Historic Sites

A beloved miniature steam train known as Little Puffer is synonymous with San Francisco Zoo's history, and continues to bring joy to today's families as it did for generations of zoo-goers.

Little Puffer Miniature Steam Train

One of San Francisco Zoo & Gardens' most unique attractions isn't an animal, instead it's a rare miniature steam train known affectionately as "Little Puffer." And for those who know it's history, it's also the "little engine that could."

Called the Fleishhacker Playfield Limited and nicknamed Little Puffer, the train chugged around the Zoo for many years, and eventually relegated into storage for almost 20 years. Its return in 1998 delighted all.

When you see the Little Puffer today, you'd never guess that this fully functional, pristine miniature steam train is pushing 100 years of age, a throwback to a time when a movie cost a quarter and bottle of Coke was only five cents. It is one of only three remaining 22-inch gauge engines left in the world. Little Puffer is an integral part of the San Francisco Zoo’s history and an important part of the Zoo today.

History












Back in Service


The little train languished in storage for 20 years until the tired and dilapidated steamer was dusted off and taken out of storage in The Pachyderm House with two Asian elephants, a grey seal and a pygmy hippo. Time had not been kind to Little Puffer. She was in a sad state of disrepair, with parts missing and splintered and chipped wood in the passenger cars.

It was 1997, and through the generous support of the Richard and Rhoda Goldman Fund, California Federal Bank and the GGRM, the Zoo had what it needed to bring Little Puffer back to life. San Francisco’s GGRM, a nationally-recognized organization dedicated to the preservation and exhibition of historic railroad equipment, went to work to restore the historic steam train.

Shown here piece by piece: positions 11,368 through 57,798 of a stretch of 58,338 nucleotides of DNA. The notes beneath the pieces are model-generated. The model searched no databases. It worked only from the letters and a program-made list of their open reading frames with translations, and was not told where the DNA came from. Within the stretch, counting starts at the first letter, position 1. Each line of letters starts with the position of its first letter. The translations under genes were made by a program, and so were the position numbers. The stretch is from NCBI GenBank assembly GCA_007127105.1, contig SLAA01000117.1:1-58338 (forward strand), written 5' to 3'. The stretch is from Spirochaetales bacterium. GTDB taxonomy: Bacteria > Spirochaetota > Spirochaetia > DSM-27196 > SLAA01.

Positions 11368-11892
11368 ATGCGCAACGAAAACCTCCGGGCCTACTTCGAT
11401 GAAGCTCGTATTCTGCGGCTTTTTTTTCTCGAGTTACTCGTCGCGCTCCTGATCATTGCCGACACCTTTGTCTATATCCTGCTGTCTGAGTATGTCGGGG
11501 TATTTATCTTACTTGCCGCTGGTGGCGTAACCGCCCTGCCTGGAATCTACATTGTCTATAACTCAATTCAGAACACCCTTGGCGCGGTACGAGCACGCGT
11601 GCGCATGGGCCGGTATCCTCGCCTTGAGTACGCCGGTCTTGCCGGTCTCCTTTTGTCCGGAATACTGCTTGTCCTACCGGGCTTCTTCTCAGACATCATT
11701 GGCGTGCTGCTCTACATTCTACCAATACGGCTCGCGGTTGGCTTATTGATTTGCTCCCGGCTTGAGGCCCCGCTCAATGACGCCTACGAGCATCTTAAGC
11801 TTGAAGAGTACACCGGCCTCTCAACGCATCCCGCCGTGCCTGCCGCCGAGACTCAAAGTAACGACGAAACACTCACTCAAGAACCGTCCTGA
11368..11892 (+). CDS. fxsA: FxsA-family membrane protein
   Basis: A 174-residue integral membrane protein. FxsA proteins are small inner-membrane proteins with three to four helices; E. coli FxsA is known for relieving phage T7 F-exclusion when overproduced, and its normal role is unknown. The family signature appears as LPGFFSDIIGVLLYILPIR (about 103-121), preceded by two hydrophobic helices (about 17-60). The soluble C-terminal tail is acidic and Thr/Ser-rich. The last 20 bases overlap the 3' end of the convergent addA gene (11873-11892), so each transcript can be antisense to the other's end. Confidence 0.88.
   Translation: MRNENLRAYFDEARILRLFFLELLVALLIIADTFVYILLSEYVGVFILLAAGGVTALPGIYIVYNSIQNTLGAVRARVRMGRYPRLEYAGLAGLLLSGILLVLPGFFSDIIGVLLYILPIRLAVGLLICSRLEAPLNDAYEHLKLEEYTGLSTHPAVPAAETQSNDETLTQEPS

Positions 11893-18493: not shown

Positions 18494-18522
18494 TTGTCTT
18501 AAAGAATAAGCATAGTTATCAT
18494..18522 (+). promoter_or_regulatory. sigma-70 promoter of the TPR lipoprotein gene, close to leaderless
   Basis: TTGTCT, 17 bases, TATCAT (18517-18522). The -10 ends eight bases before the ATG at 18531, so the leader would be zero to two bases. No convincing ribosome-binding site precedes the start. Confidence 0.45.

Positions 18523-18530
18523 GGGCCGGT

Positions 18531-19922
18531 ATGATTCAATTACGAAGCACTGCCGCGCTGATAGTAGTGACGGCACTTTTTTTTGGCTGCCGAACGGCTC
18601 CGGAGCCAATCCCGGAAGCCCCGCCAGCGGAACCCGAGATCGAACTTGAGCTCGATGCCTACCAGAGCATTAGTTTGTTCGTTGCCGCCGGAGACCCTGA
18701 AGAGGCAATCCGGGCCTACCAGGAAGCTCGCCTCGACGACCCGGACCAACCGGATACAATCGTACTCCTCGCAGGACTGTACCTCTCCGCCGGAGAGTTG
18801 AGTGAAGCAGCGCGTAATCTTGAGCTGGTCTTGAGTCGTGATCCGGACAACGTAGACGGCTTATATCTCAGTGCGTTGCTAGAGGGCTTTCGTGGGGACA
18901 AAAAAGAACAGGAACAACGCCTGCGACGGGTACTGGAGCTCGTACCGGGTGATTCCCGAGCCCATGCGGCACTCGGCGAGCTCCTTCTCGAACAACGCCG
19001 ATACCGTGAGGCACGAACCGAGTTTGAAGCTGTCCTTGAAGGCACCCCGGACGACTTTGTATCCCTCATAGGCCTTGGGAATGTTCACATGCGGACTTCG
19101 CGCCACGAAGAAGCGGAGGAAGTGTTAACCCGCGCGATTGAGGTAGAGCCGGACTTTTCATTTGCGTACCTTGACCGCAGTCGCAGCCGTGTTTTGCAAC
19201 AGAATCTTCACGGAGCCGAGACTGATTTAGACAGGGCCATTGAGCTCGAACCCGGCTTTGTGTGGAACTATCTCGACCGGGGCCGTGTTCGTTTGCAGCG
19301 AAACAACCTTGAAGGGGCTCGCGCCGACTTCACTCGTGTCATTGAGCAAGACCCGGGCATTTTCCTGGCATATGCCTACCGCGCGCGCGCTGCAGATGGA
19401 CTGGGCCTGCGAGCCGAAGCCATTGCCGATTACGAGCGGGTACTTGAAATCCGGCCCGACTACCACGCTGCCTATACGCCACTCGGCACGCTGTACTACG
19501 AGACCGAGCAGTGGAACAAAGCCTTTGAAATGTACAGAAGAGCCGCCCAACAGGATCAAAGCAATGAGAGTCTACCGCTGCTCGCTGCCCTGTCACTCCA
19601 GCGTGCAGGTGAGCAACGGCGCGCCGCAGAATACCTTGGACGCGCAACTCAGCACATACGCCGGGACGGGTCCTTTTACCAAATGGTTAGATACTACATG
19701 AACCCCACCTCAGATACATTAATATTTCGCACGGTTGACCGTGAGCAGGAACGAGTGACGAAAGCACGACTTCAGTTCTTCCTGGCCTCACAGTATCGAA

Working with outside contractors, such as PG&E, track architects, bodywork and boiler specialists, the reconstruction team took to the challenge. GGRM members, all volunteers, disassembled, reassembled, painted, welded, sandblasted, fitted and created train gears, parts and pieces to recreate the miniature train. They also retrofitted it to run on cleaner-burning natural gas. Meanwhile, the Zoo started laying track for the new, longer route. The cost to renovate the train, which sold for just $15,000 in a 1905 Cagney catalog, was approximately $75,000. The addition of the new depot, plaza area, track layout, landscaping and storage barn facility, brought the cost to $700,000.




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